After a preprocessing algorithm is determined, the experimental data preprocessed thereby and the resulting spectrum are used to teach the neural network. If the neural network 144 is of the self-learning type, then it is placed in its learn mode and allowed to learn what its inputs would look like for the outputs which it would be expected to generate for each set of experimental data. If the neural network 144 is not of the self-learning type, then suitable simulation software may be used to simulate the learning process. An adequate off-the-shelf software package which can be used for this purpose is entitled "NeuralWorks Professional II/Plus", manufactured by NeuralWare, Inc., Pittsburgh, Pa.
For the purposes of the present illustration, a three-level neural network 144, with fixed weights and without feedback, is selected. The topology of such a network is shown in FIG. 5. As shown, the neural network 144 has N input excitation inputs 502, M second-level neurons 504 (M<N), and four output neurons 506. Since only 721 input channels contain useful information, only 721 neurons 502 (N=721) are needed for the neural network 144. Further, for this illustration, M is chosen as M=8 second-level neurons. The total number of neurons in neural network 144, therefore, is only 743.
After the software simulations described above are used to determine the synaptic weights for the neural network 144, it is often useful to examine a Hinton diagram of the weights thus determined. In the present illustration, examination of the Hinton diagram reveals that the network considers only a few groups of the input channels as significant in its determination of a set of the input parameter values, and the species related to the groups are the derivatives of H, F, C, N, O. Since the system is not leak-tight, the presence of N and O is expected. All the remaining input excitation neurons 502 of the neural network 144 and their associated weights may therefore be omitted to reduce the complexity of the control system. The spectrum preprocessor 140 also need not preprocess the channels which will not ultimately be provided to the neural network 144, and the optical spectrometer 114 need not provide them (other than as necessary to accomplish any nearby averaging used in the preprocessor formula). This will also improve the response of the optical spectrometer.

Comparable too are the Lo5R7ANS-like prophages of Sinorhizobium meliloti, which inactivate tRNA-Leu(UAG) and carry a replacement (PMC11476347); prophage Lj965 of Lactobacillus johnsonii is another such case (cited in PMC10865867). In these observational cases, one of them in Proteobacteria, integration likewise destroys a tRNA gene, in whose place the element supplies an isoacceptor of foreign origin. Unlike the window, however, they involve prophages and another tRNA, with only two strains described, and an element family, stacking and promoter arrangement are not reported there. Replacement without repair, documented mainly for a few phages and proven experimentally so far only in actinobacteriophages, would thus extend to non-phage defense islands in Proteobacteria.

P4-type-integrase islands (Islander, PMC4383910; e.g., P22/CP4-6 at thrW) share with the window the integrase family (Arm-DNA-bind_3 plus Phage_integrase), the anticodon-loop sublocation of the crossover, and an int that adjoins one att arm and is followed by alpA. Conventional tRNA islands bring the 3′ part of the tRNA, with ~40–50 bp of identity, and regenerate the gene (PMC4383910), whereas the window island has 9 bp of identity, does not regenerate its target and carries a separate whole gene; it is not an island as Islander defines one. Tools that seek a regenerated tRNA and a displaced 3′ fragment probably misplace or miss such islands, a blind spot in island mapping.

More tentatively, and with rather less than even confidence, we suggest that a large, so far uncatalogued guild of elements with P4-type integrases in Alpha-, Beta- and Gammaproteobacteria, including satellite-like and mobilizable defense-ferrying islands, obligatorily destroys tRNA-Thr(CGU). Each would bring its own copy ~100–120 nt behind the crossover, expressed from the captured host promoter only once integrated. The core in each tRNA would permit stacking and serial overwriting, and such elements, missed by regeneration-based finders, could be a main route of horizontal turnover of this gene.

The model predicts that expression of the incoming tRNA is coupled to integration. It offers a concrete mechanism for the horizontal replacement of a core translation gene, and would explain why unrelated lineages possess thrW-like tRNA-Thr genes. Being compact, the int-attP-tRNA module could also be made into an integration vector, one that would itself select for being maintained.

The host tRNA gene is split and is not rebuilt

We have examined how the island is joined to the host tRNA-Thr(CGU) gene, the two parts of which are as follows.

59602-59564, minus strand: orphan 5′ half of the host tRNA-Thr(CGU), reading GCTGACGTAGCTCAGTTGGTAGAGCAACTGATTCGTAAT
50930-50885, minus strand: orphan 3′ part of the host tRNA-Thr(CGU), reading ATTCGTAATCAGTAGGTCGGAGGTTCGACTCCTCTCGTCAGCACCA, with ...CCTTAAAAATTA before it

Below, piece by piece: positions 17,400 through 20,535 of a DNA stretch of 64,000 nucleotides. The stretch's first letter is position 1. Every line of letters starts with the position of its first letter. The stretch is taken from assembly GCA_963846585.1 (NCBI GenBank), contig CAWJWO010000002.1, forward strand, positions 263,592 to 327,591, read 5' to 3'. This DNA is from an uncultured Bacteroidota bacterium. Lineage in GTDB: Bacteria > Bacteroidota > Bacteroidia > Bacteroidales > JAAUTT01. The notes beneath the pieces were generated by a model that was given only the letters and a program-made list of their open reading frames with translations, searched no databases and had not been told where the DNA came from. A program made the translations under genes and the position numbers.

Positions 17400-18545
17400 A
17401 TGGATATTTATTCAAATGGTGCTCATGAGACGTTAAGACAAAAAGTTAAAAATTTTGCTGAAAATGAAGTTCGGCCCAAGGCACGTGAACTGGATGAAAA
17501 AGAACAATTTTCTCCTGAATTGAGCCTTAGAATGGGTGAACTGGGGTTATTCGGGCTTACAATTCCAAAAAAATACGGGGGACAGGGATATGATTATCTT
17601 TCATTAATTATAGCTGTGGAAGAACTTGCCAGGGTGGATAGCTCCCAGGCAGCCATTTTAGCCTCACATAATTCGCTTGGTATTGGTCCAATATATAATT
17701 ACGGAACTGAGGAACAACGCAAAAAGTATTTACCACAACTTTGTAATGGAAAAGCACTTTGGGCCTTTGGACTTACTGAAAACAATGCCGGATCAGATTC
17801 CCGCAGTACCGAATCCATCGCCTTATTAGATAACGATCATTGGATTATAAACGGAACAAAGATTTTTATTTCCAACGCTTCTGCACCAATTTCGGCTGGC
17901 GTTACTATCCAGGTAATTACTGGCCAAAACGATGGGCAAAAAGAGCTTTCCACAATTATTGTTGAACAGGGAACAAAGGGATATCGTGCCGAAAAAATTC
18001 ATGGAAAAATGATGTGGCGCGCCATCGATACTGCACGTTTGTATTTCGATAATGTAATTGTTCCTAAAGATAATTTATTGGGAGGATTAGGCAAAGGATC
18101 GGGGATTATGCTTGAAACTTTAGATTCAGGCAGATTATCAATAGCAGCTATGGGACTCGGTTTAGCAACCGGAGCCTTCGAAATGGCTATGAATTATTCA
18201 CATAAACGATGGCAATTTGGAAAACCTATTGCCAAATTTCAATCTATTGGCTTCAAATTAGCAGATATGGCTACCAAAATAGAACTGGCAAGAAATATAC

For example, when only H is allowed to vary, the learning process identifies only three groups of input neurons whose synaptic connections to the second-level neurons have significantly non-zero weights. The three groups of input neurons determined by the learning process to be significant, correspond to the wavelengths of two hydrogen spectral peaks and one wavelength which does not appear to correspond to a spectral peak of hydrogen. The network's consideration of the last-mentioned group, occurring at about wavelength λ=429.34 nm, was unexpected. But the possibility that this spectral line corresponds to CH is a reasonable one since excessive H2 will increase polymerization and thus the occurrence of the CH line. Thus the CH line may be a more sensitive indicator for conditions where H2 flow is high. The ability of neural networks to select the most pertinent channels to help distinguish the various plasmas, without any guidance from human experts and without needing any explicit rules specified for the plasma diagnostics, illustrates another reason why the use of a neural network in a plasma-based process step control system is advantageous.